Measures announced at China’s 13th National People’s Congress (NPC) suggest to us that the Chinese authorities are taking the threat of an economic slowdown seriously and are prepared to act.
While China faces slowing gross domestic product (GDP) growth, a trade standoff with the United States and disputes over China allowing foreign companies market access in return for technology transfers, we see policymakers stepping up to the plate to readjust and rebalance targets for a more sustainable economy.
In the face of an economic slowdown, Chinese officials have lowered the country’s 2019 GDP growth forecast to a range of 6% to 6.5%, compared to last year’s target of 6.5%. However, we feel that a slowdown is not a crisis. We believe there are ample strengths in China’s institutions and economy to prevent a hard landing.
Against this backdrop, our near-term view on China is slightly more cautious. We expect China’s economic growth to slow in the next few years as it focuses on resolving an array of challenges.
Never Underestimate China’s Strengths
In spite of these hurdles, the historical ability of the Chinese authorities to implement their policies efficiently and effectively underpins China’s potential strengths. A strong government presence in Chinese markets is nothing new.
China’s ability to implement policies stems from a system of central rule that has allowed it to resolve problems at a speed and scale that is virtually unmatched by other large developing nations, such as India.
Consider the steps that China has taken to tackle excess capacity, high leverage and other economic and financial risks. In the coal industry, for example, the government shut thousands of coal producers and put numerous coal-fired power projects on hold to reduce overcapacity.
The high degree of compliance underscored the administration’s ability to implement new policies. And a result of this was a sharp recovery in coal prices, which supported cash flows and the debt-servicing capability of many coal-related companies.
Such supply-side policies, replicated across several industries, have helped address one of the key systemic risks in China—the concentration of debt owed by “old economy” state-owned enterprises. More importantly, these policies are part of a bigger package of reforms that government agencies have rolled out—all without dealing a major blow to overall GDP growth.
External Pressures Accelerate China’s Next Move
China’s transition from a manufacturing-driven economy to a services and consumption-led economy has been no mean feat. However, trade tensions with the United States have created roadblocks for China’s growth trajectory and softer domestic demand for key sectors in the country.
This has intensified pressure for the Chinese government to act. Authorities unveiled tax cuts worth 2 trillion Chinese yuan (US$298 billion) at the NPC, which the Chinese government hopes will alleviate pressure from the manufacturing, transportation and construction sectors.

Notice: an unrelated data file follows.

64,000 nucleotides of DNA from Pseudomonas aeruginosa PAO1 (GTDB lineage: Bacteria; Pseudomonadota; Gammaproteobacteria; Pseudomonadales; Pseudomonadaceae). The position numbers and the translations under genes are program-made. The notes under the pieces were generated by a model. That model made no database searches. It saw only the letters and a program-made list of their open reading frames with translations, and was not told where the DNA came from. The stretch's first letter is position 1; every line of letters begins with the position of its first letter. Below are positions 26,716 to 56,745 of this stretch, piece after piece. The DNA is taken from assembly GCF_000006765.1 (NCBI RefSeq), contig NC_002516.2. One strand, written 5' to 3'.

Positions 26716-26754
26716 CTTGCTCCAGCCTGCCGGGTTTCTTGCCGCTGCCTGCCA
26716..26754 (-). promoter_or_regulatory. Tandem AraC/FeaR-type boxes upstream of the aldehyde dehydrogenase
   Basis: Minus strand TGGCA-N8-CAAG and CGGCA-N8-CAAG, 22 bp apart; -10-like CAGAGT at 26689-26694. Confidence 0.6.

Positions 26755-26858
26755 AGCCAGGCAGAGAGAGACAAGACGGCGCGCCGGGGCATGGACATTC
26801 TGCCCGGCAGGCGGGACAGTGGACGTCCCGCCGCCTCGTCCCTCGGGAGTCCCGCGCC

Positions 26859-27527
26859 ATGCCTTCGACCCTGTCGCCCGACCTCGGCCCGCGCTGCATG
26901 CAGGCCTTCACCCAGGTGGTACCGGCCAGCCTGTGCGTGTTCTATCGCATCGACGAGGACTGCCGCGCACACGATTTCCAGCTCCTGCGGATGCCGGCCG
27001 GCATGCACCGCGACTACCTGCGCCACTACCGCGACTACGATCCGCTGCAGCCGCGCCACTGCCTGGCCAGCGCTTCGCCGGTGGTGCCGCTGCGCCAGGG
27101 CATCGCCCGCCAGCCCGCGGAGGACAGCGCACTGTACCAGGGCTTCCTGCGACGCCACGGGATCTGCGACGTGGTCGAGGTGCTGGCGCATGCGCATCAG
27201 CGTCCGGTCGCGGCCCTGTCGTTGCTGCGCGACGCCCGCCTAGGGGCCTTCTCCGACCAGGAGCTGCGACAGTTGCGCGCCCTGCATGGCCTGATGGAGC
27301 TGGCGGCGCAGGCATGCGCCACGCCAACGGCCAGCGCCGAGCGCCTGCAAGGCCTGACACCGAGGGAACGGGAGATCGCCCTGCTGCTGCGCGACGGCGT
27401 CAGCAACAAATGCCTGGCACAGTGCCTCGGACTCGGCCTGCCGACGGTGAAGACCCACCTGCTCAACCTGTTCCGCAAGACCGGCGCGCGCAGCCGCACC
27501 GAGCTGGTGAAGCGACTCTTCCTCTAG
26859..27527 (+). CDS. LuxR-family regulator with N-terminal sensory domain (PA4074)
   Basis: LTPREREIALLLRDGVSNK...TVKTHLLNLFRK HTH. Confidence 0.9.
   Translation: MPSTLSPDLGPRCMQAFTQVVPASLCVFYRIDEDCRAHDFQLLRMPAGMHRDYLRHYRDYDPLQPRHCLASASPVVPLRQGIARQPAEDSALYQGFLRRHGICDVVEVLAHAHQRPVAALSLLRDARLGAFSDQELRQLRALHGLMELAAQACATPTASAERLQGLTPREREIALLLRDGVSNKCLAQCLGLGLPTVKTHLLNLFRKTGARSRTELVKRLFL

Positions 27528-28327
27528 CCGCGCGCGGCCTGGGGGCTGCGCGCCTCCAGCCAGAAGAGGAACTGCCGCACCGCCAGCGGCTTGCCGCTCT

We’d expect a reduction in current value-added tax (VAT) rates to be a welcome boost for industries that are currently embroiled in the US-China trade spat, including construction material that include steel and aluminum.
The trade dispute has also put China’s commitment to opening up its markets under the microscope. Questions were raised over market access, protection over intellectual property and forced technology transfers. Debates at the NPC over foreign investment laws suggest Chinese officials could be ready to revise current laws to put foreign companies on equal footing with local firms.
In our view, the longer-term outlook for China still holds promise, if its rebalancing efforts result in an economy that is sturdier and more sustainable. Nonetheless, we believe that the complex investment landscape is where active stock-picking can thrive.
Our Approach to Active Stock-Picking
We think buoyant economic growth and loose liquidity previously had helped some companies flourish in a fast-growing economy. But amid slowing growth, waning liquidity and increasing consolidation across industries, we think there will be a greater dispersion between the winners and losers. And experience has shown us that solid fundamental research will be needed to identify them.
The encouraging news, however, is that these obstacles do not appear insurmountable for a country that has an array of proven tactics and new economic opportunities.
The age-old desire for progress is a powerful force, and we expect it to lead China toward sound policies that promote higher incomes and a better quality of life for its citizens. We believe this bodes well for the next chapter of its secular growth story.
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What Are the Risks?
All investments involve risks, including the possible loss of principal. Investments in foreign securities involve special risks including currency fluctuations, economic instability and political developments. Investments in emerging markets, of which frontier markets are a subset, involve heightened risks related to the same factors, in addition to those associated with these markets’ smaller size, lesser liquidity and lack of established legal, political, business and social frameworks to support securities markets. Because these frameworks are typically even less developed in frontier markets, as well as various factors including the increased potential for extreme price volatility, illiquidity, trade barriers and exchange controls, the risks associated with emerging markets are magnified in frontier markets. Stock prices fluctuate, sometimes rapidly and dramatically, due to factors affecting individual companies, particular industries or sectors, or general market conditions.